Donald Trump has not always had the coziest of relations with the National Labor Relations Board. Back in November of 2016, the NLRB forced him to recognize the union formed by his employees at the Trump International Hotel Las Vegas, even though he really, really, really didn't want to.

But ever since the NLRB has been under his purview, he's done with it what he's done with nearly every other government agency: hired people diametrically opposed to the agency's entire purpose to run it. Example? Peter Robb, the Trump-appointed general counsel for the NLRB has a long history of advocating for management and against unions. He has spent a pretty big chunk of his tenure searching for pro-union rulings to overturn and taking away adjudication powers from civil servants across the country in order to grant those powers to an all-Republican, all-anti-labor panel in DC.

One of the things Robb has been trying to do since April 2018 is to take down his arch-nemesis, Scabby the Rat. And Robb finally sees a chance to do that with a recent labor dispute between the International Brotherhood of Electrical Workers and a Chicago construction firm. First, he's going to declare Scabby the Rat -- which is a large balloon in the shape of an adorable scabby rat -- illegal.

The union is currently in a dispute with Edge Electric over wage and benefits issues. Edge was contracted by a construction company, Summit Design + Build, so the union set up a yellow banner reading "LABOR DISPUTE: SHAME SHAME" and a large inflatable Fat Cat holding a construction worker by the neck in front of a construction site. Upon seeing the giant inflatable cat and the banner, two workers turned around and went home, because as we all learned when we were children (yes?), you don't cross a picket line.

As a result of this, Summit Design + Build filed a complaint to the NLRB. It was settled, but Robb's office went ahead and sent out a memo asking that the board reconsider its rulings in several prior Scabby-related cases and find that our friend the balloon rat, and other inflatables, are "tantamount to unlawful secondary picketing, and signal picketing that unlawfully induced or encouraged neutral employees to cease working, or at least constituted unlawfully coercive non-picketing conduct."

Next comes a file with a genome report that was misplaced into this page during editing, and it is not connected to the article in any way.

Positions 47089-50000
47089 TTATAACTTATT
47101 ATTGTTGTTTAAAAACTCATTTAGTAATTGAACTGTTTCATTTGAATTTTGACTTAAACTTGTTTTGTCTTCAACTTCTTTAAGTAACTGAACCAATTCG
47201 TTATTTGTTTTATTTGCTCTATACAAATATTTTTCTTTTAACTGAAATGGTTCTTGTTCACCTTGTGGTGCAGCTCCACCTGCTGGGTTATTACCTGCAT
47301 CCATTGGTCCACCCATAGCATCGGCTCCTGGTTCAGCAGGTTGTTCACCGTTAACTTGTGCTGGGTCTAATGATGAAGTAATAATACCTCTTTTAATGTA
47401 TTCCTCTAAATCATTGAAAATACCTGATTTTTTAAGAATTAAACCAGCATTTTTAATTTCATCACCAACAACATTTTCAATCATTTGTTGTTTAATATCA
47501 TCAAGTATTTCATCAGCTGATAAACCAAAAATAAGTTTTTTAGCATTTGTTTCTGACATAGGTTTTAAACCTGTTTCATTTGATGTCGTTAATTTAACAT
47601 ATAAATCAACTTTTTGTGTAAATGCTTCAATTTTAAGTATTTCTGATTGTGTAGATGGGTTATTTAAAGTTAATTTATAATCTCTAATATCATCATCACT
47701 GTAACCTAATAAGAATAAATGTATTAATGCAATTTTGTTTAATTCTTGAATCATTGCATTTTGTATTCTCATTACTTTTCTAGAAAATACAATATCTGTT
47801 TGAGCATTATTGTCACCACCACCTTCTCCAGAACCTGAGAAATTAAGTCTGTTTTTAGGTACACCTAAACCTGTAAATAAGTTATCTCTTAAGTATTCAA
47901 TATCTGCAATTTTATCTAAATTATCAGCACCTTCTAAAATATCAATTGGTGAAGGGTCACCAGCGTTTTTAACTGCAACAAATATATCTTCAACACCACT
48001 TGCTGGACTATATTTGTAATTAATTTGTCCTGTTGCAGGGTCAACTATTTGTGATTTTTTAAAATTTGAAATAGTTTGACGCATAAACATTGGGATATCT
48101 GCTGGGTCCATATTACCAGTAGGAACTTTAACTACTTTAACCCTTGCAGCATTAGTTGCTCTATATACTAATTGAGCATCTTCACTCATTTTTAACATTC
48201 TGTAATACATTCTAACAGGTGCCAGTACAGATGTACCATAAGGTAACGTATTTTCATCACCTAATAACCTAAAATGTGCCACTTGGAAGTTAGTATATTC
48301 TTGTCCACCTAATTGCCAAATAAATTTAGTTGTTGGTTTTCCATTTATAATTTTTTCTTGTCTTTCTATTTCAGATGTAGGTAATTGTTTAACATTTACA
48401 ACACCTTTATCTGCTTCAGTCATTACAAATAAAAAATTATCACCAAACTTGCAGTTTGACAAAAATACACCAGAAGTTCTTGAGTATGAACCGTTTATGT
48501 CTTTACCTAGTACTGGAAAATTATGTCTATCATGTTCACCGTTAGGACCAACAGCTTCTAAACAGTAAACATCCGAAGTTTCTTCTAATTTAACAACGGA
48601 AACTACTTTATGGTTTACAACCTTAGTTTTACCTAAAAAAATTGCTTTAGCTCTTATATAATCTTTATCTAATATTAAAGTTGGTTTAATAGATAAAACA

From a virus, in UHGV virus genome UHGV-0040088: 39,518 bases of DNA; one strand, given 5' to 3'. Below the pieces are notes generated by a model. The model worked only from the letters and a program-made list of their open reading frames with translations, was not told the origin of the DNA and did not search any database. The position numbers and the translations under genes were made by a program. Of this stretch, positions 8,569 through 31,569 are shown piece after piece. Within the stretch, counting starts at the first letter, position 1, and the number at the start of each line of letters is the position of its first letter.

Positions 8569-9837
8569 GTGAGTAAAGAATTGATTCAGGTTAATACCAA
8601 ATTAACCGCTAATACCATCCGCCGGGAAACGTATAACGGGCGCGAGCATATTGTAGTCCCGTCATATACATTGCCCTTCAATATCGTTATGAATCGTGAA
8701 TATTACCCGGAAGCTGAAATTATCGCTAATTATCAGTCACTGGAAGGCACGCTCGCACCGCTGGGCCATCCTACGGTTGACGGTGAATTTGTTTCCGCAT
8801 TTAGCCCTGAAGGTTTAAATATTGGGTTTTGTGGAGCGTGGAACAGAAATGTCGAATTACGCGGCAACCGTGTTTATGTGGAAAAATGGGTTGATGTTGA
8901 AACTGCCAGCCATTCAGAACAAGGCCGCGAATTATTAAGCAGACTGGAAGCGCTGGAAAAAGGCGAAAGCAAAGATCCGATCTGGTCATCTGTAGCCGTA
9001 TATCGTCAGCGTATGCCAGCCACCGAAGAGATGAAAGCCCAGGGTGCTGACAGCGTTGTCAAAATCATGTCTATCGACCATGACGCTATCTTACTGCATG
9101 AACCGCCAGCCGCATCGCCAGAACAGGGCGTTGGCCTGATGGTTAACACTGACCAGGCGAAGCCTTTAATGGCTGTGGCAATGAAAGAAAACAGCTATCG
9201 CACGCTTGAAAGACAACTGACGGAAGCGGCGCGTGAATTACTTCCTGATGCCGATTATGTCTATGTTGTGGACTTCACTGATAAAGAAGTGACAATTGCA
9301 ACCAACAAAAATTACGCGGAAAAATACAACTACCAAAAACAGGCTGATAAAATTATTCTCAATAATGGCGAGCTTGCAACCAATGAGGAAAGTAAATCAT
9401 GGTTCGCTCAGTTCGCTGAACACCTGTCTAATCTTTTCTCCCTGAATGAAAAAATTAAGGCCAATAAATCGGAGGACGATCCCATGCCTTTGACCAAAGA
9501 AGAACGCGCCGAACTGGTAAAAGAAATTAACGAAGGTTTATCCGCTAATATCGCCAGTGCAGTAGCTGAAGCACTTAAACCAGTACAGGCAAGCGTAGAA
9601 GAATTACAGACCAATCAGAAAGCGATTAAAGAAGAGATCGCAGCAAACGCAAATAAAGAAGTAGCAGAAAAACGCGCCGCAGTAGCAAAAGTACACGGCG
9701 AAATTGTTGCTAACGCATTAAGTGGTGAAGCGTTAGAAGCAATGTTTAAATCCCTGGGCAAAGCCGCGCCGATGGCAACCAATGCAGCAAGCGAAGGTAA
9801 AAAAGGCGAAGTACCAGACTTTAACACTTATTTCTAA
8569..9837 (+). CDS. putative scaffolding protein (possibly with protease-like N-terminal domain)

Just To Give You Some History Here...

Our First Amendment rights for labor unions are not in great shape. A provision of the extremely bad anti-labor 1947 Taft-Hartley Act (written in response to the strike waves of 1945 and 1946) bans unions from "coercive" picketing in front of "secondary employers" — i.e. companies that hire non-union contractors. So they can't do a full-on picket line, but they can stand there as "observers" (which is why you'll often see them wearing signs that say "observer") and hand out informative flyers. This was the same act, by the way, that banned unions from participating in general strikes, banned closed shops, allowed states to pass right to work laws, prohibited unions from engaging in sympathy strikes and secondary boycotts of other corporations that are screwing over their workers, and, until 1965, required union workers to sign oaths swearing that they weren't commies. Not to mention a whole host of other bad shit I do not have the time to get into.

Basically, the law considers speech from organized labor to be "commercial speech," differentiating it from speech from private citizens.

Traditionally, although management hates Scabby, Scabby has not been considered "coercive," largely because he is stationary and doesn't block an entrance. This was settled back in 2011 in a case called Southwest Regional Council of Carpenters (New Star General Contractors, Inc.).